No matter what era of home, the basic elements of landscape design can enliven its outdoor space.
The two homes pictured here couldn’t be more different: One is a century-old Victorian in downtown’s Lake Eola Heights neighborhood, and the other is a streamlined neo-contemporary manse in Winter Park. But despite their differences, both share a time-tested formula for beautiful outdoor spaces: water, hardscape and plantings. Together, these three elements work harmoniously to create an interplay of texture, movement and color that pleases the eye and refreshes the spirit.
<< Proportion and geometry play a key role in the back-yard of this Winter Park home owned by Andy and Mai Swanson. A long, narrow lot dictated the pool’s rectangular dimensions; the pool’s notched corners pay homage to the classic Grecian-style silhouette. The pool’s brick decking extends to the home’s shaded lanai and squares off around planting areas. Palm trees, potted plants and manicured hedges provide a softening counterpoint to the abundance of hard edges and 90-degree angles here.
^^ The lion fountain underscores the pool’s subtle classical motif while bringing motion and sound to the outdoor space. These understated nods to tradition provide an elegant contrast to the home’s more modern architecture.
The garden (above) of this 100-year-old downtown home owned by David and Diane Martens is sandwiched between the main house and guest cottage, which was originally the home’s kitchen. (Florida’s building protocol of the day often separated the kitchen from the home, both to keep the home cooler and to prevent potential house fires.) The garden’s hardscape incorporates bricks salvaged when some of Orlando’s brick streets were pulled up and paved, as well as hexagonal pavers that were used in the city’s first sidewalks. A variety of blooming and fruit-bearing plants add color, texture and scent to the garden. While there may not be room for a pool here, water still plays a role in the backyard’s ambiance. The fountain (below) serves as the garden’s centerpiece, and the splashing water is a simple and ingenious way to mask the sound of traffic on the area’s often busy streets.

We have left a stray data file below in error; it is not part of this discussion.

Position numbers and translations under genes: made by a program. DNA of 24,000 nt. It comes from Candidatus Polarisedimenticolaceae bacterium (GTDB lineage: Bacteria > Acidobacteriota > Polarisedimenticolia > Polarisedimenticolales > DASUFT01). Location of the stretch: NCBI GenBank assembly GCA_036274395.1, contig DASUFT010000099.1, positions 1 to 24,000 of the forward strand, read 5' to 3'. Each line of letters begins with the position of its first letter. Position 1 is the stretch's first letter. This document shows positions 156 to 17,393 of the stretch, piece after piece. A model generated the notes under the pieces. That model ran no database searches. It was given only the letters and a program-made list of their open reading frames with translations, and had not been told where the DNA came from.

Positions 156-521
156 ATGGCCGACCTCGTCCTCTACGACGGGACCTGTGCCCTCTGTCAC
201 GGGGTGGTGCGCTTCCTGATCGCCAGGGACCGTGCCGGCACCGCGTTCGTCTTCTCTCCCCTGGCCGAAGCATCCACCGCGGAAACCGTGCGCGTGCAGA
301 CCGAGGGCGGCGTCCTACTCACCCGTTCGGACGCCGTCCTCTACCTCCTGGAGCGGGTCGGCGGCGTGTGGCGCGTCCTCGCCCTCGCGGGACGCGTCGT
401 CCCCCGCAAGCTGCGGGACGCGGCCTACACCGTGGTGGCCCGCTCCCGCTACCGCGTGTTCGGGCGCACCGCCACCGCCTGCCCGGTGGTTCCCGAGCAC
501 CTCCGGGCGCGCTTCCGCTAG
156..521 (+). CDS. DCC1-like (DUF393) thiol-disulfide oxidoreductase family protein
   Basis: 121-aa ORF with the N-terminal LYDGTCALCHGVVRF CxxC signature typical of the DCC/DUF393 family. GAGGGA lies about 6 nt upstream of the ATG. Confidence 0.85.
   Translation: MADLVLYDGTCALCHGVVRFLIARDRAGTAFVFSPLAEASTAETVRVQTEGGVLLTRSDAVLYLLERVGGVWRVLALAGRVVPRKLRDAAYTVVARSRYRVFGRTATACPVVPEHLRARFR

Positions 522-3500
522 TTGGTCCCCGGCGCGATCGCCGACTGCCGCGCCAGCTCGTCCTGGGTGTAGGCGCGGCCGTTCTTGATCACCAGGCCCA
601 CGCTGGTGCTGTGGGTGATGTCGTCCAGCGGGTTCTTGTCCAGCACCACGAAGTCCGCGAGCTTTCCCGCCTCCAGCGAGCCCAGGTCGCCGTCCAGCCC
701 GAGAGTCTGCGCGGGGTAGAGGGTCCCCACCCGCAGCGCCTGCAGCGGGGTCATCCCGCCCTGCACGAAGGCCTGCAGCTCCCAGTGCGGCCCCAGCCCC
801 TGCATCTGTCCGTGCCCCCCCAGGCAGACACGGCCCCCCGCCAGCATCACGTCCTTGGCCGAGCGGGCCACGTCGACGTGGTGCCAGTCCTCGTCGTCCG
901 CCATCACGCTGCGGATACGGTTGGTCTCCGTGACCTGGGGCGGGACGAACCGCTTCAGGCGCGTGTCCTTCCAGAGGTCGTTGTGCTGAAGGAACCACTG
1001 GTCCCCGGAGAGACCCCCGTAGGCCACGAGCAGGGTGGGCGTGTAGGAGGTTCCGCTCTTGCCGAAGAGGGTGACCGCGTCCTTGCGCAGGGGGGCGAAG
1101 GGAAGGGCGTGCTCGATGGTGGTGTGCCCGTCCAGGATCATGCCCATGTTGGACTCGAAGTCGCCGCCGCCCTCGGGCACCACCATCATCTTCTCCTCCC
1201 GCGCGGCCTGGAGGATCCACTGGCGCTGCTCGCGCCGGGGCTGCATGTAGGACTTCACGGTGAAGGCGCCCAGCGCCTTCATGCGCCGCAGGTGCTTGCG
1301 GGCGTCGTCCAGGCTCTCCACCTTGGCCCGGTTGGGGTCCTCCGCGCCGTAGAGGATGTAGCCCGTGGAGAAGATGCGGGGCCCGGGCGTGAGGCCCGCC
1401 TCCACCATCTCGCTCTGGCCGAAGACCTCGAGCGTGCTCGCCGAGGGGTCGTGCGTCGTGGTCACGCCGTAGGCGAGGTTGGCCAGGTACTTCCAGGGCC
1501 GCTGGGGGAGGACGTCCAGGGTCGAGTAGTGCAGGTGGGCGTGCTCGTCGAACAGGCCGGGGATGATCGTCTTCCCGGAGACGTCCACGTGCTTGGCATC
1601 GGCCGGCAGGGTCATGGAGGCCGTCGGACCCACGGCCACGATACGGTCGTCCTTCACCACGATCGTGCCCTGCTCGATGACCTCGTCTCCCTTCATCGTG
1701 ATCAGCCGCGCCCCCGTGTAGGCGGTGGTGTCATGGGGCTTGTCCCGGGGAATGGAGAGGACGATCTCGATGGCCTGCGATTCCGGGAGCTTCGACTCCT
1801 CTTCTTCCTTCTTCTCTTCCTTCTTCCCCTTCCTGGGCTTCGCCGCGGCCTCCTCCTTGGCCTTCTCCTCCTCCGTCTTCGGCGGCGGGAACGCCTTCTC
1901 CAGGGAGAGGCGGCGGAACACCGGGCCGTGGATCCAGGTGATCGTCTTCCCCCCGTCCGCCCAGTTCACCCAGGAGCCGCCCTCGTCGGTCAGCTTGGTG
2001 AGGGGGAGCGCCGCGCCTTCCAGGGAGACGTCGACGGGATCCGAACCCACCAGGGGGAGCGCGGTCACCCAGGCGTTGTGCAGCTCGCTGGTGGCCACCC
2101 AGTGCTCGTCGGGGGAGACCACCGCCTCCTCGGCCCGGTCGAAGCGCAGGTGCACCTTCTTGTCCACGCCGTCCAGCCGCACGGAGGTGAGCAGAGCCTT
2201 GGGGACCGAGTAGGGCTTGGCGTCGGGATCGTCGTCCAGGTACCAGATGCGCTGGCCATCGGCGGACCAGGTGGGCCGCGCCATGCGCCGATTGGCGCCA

Rooms for Improvement
When the new Nemours Children’s Hospital in the Lake Nona area began to plan its interiors and consider the aesthetics of patient rooms (right), it assembled an unconventional group of consultants that could provide real world advice—the parents of hospitalized kids. And the suggestions the parents gave were sometimes surprising.
For example, the hospital, which is scheduled to open in fall 2012, had planned to include bright, energizing colors in the interiors. But some parents of children with conditions such as autism vetoed that idea, saying bold hues could be unsettling to their kids. Instead, a softer palette of green, orange and blue was selected.
Another parent-inspired design tweak affected the ceiling panel over each of the 95 inpatient beds. Originally a glossy, reflective white, the material was changed to a matte finish so that children wouldn’t see themselves (and any attendant tubes, wires, bandages or other medical equipment) mirrored above. Children can change the color of the ceiling’s lighting to a variety of colors depending on their mood and preferences; outside the hospital, the children’s various color selections will be visible through the floor-to-ceiling windows, bathing the building in a rainbow of hues.
The hospital’s color scheme is picked up in the whimsically patterned upholstery that covers each room’s sleeper sofa—a welcome feature for parents who stay overnight.
Color of the Season
Wondering what’s hot for summer outdoor furnishings? Cool blues are big news for the season—and what a great hue to add a splash of color outside. Alfresco Home’s Blue Hawaiian Margarita Bistro set is compact enough to fit on a balcony, but is equally at home on a larger deck, porch or patio. $460 at homegallerystores.com